goop by Juice Beauty Luminous Melting Cleanser
This is an oil-based cleanser, like the One Love Organics Vitamin B Cleansing Oil I reviewed here. Goop’s version is paired with a face towel and a tiny spoon for scooping out the product. The cleanser is solid in the jar, but when you scoop it out with the spoon and onto your fingers, it softens into a thick oil that you massage onto your face and neck. It does a good job of removing liquid and powder foundation, and even eye makeup. Although, as I’ve mentioned before, I always use a separate eye makeup remover (my old faithful, Bioderma Sensibio H2O micelle solution). To remove the cleanser you need to follow the instructions provided: soak the included cloth with warm water and gently rub off the cleanser. If you simply rinse off the cleanser with water, your face will be coated with an oily residue. I tried this and suffered the consequence so that you wouldn't have to!
The cleanser certainly hydrates your skin with its blend of almond, olive and coconut oils, as well as shea and cocoa seed butters. There are also several essential oil blends and plant extracts not commonly found in a cleanser. Ever heard of Sweet Iris Leaf Cell Extract? How about Poet’s Daffodil Flower Extract? Me neither. Goop claims that Sweet Iris, “reinforces skin's protective barrier while helping to decrease the appearance of wrinkles and promote firmness and elasticity”. A red flag goes up for me whenever a product claims it can decrease the appearance of wrinkles (unless we’re talking about a retinoid, which does help wrinkles). I find it hard to believe that Sweet Iris Leaf Cell Extract can make wrinkles less visible, especially in a cleanser which stays in contact with your skin for mere minutes. What may diminish the appearance of wrinkles for a short time after using this cleanser is the rich, hydrating blend of oils and butters that will - very temporarily - soften lines and wrinkles. But a moisturizer does the same job, and the effect lasts much longer on your skin.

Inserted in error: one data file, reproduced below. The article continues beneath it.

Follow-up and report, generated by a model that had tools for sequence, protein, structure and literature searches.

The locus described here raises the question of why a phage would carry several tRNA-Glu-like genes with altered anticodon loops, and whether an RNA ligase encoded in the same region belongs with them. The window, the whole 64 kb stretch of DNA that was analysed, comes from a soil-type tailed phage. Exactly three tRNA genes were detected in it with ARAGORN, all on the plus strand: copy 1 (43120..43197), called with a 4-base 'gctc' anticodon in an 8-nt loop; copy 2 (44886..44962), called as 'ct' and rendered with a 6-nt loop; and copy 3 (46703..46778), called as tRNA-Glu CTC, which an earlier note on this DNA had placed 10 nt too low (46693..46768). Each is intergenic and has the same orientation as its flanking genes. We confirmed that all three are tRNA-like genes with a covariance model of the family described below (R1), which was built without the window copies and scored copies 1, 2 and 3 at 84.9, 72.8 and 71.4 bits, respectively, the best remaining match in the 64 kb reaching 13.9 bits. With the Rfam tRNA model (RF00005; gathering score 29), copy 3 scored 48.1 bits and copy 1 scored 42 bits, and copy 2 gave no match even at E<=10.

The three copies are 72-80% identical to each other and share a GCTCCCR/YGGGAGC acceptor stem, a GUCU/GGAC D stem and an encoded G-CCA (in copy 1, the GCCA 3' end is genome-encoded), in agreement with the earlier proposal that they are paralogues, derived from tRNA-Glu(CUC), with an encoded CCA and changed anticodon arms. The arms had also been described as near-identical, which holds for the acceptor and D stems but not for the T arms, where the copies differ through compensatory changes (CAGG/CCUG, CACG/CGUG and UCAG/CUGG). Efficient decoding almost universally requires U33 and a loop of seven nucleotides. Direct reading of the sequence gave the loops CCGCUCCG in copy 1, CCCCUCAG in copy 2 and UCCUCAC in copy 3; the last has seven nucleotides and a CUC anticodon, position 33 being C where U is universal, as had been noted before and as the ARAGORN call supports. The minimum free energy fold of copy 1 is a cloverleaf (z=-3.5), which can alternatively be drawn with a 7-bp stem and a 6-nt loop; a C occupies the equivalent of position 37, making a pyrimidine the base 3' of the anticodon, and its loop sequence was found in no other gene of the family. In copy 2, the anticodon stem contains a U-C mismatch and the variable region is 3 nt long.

Goop claims that Poet’s Daffodil, “reduces the appearance of brown spots while helping to prevent further pigmentation, leaving a clarified, more even complexion”. A plant extract that’s left on your face for a few minutes has the ability to reduce brown spots? I had large brown spots on my chest area from reckless tanning as a teenager. I tried half a dozen topical prescription creams, none of which worked. The only thing that eliminated them was several rounds of laser treatments by a dermatologist. And the claim that Poet’s Daffodil helps prevent further pigmentation? The only thing that prevents pigmentation is staying away from UV rays.
The moisturizing effect of this cleanser is undeniable, and your skin will never feel stripped after washing. My problem with it, in addition to the questionable claims about some of the ingredients, is this: even after diligently using the cloth to remove the product, a film of oil remains on my face. It’s not visible but I can feel it, and the effect is that my face just doesn't feel totally clean. The product is so rich that it’s difficult to fully wash it off. And I wonder whether the products I apply after cleansing will be able to fully penetrate my skin. A comparable organic, non-toxic oil-based cleanser, One Love Organics’ Vitamin B Cleansing Oil, leaves my face equally soft and glowing but rinses off clean with much less effort.
3.3 fl oz (US $90) To buy, visit goop.com